Iowa men's basketball coach Fran McCaffery

Iowa men’s basketball coach Fran McCaffery speaks to a group of about 300 Scott County I-Club members at the Davenport Country Club on Wednesday. (Kevin E. Schmidt/QUAD-CITY TIMES)

Kevin E. Schmidt/QUAD-CITY TIMES

Those unlimited talk and text plans offered by Verizon, Sprint and other cell-phone carriers will soon become a godsend in Division-I men’s college basketball recruiting.

Ready or not, here comes greatly expanded coach-to-player contact beginning Friday, with the NCAA approving unrestricted, infinite calls and text messages to prospects who have completed their sophomore year of high school. Private, but not public, messages on Facebook and Twitter also are permitted.

The change marks a watershed moment for a sport which has never allowed texting, and previously limited coaches to one phone call per recruit per month up until Aug. 1 after his junior year and two calls per month during his senior year, according to

Iowa coach Fran McCaffery, speaking before Wednesday’s Scott County I-Club dinner at Davenport Country Club, approves of the move.

“I just like the ability to not have to record everything that we do, and hope we didn’t miss or forget someone or go over by mistake,” McCaffery said. “It’s so much more convenient. Eventually, the players will manage it.”

Well-versed in texting himself, McCaffery won’t drastically alter his recruiting approach, built on personal interactions and not necessarily a slew of wooing texts.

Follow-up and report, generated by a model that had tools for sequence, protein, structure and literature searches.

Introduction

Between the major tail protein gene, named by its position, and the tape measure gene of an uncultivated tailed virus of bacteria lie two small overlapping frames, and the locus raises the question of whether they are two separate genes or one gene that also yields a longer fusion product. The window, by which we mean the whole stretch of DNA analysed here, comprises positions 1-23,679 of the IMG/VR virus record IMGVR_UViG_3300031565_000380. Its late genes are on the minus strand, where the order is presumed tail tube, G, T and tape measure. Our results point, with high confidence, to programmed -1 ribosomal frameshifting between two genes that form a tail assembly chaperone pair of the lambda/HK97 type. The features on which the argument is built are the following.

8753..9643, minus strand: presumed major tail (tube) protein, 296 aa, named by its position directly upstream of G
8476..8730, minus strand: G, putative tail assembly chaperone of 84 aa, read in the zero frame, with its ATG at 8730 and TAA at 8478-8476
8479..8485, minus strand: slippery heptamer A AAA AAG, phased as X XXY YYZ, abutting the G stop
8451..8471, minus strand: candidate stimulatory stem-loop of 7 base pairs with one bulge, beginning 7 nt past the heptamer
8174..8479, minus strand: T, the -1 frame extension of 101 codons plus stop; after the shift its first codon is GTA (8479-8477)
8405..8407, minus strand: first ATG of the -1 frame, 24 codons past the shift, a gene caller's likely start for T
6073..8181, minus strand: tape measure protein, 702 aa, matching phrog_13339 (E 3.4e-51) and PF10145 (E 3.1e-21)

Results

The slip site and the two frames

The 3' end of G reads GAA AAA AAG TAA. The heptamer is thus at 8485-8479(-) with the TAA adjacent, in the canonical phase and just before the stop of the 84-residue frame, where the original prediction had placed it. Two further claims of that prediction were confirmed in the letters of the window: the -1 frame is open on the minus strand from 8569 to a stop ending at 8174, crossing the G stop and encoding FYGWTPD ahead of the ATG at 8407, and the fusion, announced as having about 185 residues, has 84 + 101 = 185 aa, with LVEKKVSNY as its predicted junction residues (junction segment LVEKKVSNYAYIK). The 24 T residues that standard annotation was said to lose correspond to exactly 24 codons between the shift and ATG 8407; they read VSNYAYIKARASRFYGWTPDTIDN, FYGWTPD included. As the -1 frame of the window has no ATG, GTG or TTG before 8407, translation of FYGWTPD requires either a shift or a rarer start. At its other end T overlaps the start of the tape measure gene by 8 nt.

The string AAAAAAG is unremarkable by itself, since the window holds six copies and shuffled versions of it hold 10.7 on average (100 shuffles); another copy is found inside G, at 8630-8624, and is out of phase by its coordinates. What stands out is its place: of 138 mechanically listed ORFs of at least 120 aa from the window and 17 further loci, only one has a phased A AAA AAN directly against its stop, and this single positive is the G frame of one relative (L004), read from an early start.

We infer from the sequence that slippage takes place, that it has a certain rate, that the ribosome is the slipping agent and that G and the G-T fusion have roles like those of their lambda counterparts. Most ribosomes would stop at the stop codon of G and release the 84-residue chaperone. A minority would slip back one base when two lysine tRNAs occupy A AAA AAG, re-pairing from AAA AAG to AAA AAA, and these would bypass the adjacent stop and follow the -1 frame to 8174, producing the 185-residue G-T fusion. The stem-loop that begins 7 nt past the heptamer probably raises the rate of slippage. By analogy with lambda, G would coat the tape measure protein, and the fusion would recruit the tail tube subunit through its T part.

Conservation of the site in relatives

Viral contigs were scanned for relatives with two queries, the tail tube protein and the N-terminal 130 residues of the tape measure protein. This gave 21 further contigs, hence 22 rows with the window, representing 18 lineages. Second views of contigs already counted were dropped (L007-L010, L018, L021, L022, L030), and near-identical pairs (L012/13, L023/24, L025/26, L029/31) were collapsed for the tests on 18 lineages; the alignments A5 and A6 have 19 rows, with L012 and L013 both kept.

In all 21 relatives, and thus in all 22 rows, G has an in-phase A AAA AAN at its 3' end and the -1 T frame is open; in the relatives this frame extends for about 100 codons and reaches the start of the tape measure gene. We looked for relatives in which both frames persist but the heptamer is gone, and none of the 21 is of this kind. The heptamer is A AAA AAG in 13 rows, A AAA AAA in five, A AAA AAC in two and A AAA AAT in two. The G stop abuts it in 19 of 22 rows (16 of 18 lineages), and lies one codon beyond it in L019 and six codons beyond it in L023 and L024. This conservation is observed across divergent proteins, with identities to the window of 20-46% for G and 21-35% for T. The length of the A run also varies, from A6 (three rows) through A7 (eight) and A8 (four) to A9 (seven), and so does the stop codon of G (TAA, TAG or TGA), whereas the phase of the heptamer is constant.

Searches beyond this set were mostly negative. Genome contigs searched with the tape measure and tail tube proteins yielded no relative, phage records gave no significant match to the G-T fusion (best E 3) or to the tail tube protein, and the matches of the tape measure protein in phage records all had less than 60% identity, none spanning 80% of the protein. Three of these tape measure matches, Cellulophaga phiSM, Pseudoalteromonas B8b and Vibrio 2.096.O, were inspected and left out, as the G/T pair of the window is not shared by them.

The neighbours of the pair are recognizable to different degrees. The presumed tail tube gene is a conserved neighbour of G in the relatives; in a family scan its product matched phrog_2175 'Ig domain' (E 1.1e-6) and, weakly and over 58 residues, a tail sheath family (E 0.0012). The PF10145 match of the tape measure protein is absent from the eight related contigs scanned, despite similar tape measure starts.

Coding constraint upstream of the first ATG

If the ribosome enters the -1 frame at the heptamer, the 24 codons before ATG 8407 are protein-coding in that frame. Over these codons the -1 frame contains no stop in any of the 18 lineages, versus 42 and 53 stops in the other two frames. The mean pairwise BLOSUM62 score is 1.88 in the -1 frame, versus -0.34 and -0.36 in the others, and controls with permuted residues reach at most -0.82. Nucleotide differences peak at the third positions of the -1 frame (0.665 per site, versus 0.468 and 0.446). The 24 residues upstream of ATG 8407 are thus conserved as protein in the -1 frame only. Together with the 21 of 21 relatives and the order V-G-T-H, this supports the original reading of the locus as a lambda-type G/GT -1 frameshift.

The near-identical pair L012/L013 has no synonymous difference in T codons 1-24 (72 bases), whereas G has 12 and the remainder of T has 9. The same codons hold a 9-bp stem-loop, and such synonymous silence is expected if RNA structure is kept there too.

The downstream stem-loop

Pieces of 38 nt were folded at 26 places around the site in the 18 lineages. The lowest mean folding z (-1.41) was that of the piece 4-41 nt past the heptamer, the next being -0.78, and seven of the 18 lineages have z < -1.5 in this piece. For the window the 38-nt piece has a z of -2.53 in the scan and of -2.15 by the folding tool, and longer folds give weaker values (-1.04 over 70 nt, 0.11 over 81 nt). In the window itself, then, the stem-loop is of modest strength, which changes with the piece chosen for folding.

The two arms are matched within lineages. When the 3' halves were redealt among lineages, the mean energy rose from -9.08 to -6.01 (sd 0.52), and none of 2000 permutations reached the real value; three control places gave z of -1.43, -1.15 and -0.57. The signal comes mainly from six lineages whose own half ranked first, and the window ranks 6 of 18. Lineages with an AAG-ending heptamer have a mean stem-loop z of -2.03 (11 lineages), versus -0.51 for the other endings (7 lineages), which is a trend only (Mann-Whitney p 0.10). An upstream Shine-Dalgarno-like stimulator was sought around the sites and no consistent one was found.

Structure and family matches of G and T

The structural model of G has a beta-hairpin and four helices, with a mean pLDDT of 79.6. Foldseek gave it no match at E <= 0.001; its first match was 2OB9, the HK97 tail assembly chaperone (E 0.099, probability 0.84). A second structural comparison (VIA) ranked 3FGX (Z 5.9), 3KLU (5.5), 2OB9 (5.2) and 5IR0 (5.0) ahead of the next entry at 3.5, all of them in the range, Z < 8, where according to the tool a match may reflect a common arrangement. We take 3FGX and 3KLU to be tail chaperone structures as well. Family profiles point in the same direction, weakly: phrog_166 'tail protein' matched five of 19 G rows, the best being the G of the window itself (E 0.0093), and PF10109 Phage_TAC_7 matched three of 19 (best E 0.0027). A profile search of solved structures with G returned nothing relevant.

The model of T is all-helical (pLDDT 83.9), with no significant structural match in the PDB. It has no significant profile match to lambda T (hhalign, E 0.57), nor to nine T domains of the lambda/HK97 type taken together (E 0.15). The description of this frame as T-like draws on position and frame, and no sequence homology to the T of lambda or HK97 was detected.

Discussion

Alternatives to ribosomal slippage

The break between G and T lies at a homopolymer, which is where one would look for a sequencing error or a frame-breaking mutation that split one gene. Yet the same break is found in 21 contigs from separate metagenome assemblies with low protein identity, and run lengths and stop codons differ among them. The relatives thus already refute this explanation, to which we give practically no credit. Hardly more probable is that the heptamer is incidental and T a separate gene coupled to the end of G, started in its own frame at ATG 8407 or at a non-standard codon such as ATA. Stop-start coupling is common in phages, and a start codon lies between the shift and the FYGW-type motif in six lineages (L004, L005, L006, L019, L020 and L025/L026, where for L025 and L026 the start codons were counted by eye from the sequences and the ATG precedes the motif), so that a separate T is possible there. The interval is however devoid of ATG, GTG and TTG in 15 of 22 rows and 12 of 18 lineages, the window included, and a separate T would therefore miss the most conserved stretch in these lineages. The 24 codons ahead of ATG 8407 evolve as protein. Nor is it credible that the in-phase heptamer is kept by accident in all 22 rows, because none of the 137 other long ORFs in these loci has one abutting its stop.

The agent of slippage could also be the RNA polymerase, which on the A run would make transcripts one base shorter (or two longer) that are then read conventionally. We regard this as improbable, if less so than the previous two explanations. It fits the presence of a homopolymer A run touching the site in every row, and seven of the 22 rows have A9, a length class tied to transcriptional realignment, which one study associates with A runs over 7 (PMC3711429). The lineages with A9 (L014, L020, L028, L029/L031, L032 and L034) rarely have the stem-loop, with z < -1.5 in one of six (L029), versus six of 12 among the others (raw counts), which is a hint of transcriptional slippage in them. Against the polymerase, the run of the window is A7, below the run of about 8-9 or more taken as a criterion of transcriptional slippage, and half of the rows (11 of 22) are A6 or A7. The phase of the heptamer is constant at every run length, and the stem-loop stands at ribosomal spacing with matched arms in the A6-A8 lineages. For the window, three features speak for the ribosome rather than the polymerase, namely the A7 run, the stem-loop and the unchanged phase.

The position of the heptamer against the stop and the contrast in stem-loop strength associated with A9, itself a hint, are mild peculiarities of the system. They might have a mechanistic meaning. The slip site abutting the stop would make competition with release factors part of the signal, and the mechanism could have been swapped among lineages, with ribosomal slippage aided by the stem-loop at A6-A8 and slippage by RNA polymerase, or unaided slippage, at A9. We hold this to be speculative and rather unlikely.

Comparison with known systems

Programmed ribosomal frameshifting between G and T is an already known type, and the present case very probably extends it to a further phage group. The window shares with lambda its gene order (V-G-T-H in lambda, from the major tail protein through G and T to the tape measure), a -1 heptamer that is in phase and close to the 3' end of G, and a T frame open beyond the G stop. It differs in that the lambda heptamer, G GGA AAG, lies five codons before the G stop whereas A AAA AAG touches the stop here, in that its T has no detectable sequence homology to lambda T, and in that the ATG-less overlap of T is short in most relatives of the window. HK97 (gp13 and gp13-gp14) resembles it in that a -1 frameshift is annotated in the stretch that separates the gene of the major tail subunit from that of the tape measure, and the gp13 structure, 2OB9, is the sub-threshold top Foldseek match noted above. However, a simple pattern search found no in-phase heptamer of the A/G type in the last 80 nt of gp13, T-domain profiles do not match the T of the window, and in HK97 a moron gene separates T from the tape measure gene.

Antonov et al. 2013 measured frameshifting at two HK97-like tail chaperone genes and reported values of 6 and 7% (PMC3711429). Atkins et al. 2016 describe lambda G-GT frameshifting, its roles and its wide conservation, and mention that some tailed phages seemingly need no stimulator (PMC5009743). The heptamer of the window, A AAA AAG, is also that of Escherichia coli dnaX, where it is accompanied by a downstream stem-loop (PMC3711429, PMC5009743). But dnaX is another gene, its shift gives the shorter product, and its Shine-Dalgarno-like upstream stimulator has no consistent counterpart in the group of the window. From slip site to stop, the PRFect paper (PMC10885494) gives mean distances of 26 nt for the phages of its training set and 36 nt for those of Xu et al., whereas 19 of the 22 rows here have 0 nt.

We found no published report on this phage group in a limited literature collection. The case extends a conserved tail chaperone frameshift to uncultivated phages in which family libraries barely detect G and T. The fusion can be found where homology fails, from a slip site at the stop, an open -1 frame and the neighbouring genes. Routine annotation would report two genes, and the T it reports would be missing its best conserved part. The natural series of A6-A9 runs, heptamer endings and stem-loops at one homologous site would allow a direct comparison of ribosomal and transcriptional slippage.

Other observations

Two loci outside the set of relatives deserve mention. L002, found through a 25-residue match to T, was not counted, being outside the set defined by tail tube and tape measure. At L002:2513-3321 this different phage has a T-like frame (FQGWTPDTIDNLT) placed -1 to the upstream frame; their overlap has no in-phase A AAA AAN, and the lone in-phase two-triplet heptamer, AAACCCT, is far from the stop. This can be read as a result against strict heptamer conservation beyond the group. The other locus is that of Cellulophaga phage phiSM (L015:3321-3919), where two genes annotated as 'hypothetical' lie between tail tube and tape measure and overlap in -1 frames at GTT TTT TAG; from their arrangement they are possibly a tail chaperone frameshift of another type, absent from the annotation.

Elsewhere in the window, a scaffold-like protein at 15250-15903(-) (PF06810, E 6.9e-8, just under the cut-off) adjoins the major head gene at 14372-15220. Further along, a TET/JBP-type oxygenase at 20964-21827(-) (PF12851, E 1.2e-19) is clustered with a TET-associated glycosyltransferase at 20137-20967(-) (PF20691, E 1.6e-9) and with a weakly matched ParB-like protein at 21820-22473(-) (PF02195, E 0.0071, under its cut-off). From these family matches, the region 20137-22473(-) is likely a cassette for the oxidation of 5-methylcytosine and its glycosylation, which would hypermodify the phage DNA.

“I’ve got to be able to develop a relationship with the prospect, with his parents, with his coach, with his AAU coach,” McCaffery said. “And they’ve got to develop a trust in me.”

McCaffery hasn’t changed his style in the social media age, leaving that to his staff. Assistant coach Andrew Francis is particularly active on Twitter in and out of season, with more than 2,400 followers.

“The reality is social networking is how a lot of kids communicate now. My assistants do a really good job with that,” McCaffery said. “But I’m still old-school. I’ll still call a guy and talk to him or talk to his mom or dad. I want them to know who I am and what my vision is.”

In a sport famous for scrutiny of shady recruiting practices, time will tell how coaches respond to the newly-encouraged wealth of contact.

“Some people may look at it like, ‘I don’t want to be the school that doesn’t call him three times in a day,’” Francis told on May 29.

“Some schools may think it’s a great idea to say, ‘Well, we’ve got to get this guy on the phone at least three times a day and let him know we’re thinking about him.’ That’s a bit much, in my opinion, but some kids may love it. But after a while, it wears on you.”

Former Orion forward Tanner Williams, who committed to Loyola-Chicago two weeks ago, can empathize with Francis’ caution, noting he was receiving around 30 calls a week his senior year before the floodgates opened.

“I’m definitely glad I didn’t have to deal with that rule, because you just get confused and you don’t remember what you talked to which coach about. It’s hard to have one-on-one relationships,” Williams said.

“Once you get your first couple calls, you’re pumped up, but as it goes on, it’s like, I just want to get this over with.”